Kristin Helms has blown us away since her first weeks as a rookie mom in San Diego. I was excited to read her new book, From Boardroom to Baby, right before it hit the publisher. If you read it carefully, you might even find my love note:
If you’re struggling with making sense of maternity because it doesn’t live up to your imagination, this is the book for you. Kristin Helms reflects on her journey through early motherhood with honesty and humor as she guides you to examine new choices and create your own path. From new relationships to old expectations, she invites you to set intentions and appreciate where you are.
Kristin agreed to answer a few of our big questions about her book and her identity as a mom!
What was the biggest surprise about becoming a mom?
Kristin: When we become mothers, we expect that we’ll help our children learn and grow through each new stage, but I was surprised how much I learned and grew along the way, too. I’ve learned so much about responsibility, patience, flexibility and unconditional love. I think my children have actually taught me more than I could have ever possibly taught them in just four short years. Some days are hard and trying, but there’s so much magic to be realized in this season of motherhood.
2. How did you decide to write your book, From Boardroom to Baby: A Roadmap for Career Women Transitioning to Stay-at-Home Moms?
Kristin: When I first transitioned from my marketing career to stay home with my precious new daughter in 2013, I was grateful to get to spend every waking (and sleeping) moment with her, but I was also taken off guard with the change of pace and the feelings that rocked my self-esteem off kilter. I had placed so much of my “self” in my past career, that when I didn’t have that definition of myself anymore, I started questioning my identity and purpose.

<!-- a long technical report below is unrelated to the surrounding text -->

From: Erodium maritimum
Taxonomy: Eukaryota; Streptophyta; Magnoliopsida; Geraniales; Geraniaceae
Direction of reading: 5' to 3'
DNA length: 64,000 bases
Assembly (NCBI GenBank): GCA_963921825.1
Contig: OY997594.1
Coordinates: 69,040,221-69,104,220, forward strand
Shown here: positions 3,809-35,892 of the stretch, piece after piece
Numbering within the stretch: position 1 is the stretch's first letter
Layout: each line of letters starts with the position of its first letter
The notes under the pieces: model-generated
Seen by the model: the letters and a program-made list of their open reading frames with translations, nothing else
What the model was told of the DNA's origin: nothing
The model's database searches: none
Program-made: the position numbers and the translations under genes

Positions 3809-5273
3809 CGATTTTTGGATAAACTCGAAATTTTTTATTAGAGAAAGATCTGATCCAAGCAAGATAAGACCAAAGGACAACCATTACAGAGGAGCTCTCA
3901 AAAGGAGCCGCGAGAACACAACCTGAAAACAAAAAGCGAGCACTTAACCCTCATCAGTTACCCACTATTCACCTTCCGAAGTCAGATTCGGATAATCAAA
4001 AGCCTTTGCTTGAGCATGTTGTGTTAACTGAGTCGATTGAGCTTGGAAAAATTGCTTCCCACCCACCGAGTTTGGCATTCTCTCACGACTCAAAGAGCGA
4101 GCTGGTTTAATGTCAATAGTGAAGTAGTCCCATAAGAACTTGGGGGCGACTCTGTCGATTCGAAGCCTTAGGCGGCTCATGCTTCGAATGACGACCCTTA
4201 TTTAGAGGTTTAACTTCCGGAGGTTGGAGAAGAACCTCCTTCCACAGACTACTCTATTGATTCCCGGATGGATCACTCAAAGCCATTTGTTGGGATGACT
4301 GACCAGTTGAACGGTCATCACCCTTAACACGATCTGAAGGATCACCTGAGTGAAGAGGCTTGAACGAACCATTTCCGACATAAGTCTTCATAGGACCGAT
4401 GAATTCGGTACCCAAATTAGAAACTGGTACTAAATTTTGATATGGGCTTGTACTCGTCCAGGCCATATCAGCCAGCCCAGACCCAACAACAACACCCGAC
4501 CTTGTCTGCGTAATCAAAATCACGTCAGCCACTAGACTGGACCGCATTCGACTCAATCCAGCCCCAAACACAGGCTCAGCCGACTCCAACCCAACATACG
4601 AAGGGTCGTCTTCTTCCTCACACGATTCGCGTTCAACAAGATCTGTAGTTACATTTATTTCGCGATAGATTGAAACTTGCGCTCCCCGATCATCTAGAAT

To combat this mini-identity crisis, I began writing about motherhood on a blog during nap times and in the evenings. (The Rookie Moms challenges actually got me writing about my experiences as a first-time mom, so I’m forever grateful for the prompts!) That mommy blog transformed into a larger platform, Tribe Magazine. Writing provided an outlet for me outside of motherhood—a chance to fill my cup back up so I could turn around and continue providing the best for my family—and I knew that I eventually wanted to write this book to help other moms who might also be feeling lost during that transition from career to home.
Flash forward to 2017 when I read a Gallup poll that concluded that stay-at- home moms were
reporting higher rates of depression and many did not rank their lives as, “thriving.” After learning those statistics and knowing how hard my own transition was from career to home, I knew I had to write this book now.
There are many books and resources that help moms return to the workforce after being a stay-at-home mom, but very little that offer support to the career woman who decides to pivot and take some time off to be with her children in the early years. I think that transition, from career to home, may seem easy on the surface, but is often a lonely, confusing time for some moms. From Boardroom to Baby hands new stay-at- home moms a roadmap through the transition, shatters the stereotypes about what “staying home” looks like, and helps moms design an existence that is rewarding and empowering.
3. What’s your best advice for rookie moms?
Kristin: Don’t forget to take care of yourself. Raising tiny humans takes so much careful dedication, nurturing, love, and strength. Take some time to think about how you can recharge and revive so you can bring the best version of yourself to raising your family. Ask yourself what you need in order to thrive and then carve out the time and space to do that—you’ll need that soul food along this amazing journey through motherhood.
Huge thanks to Kristin Helms for sharing her work and time with us today! Go, Kristin, go!
Any other new moms out there struggling between work and baby, check out From Boardroom to Baby!
[All photos provided by Kristin Helms, credit as noted]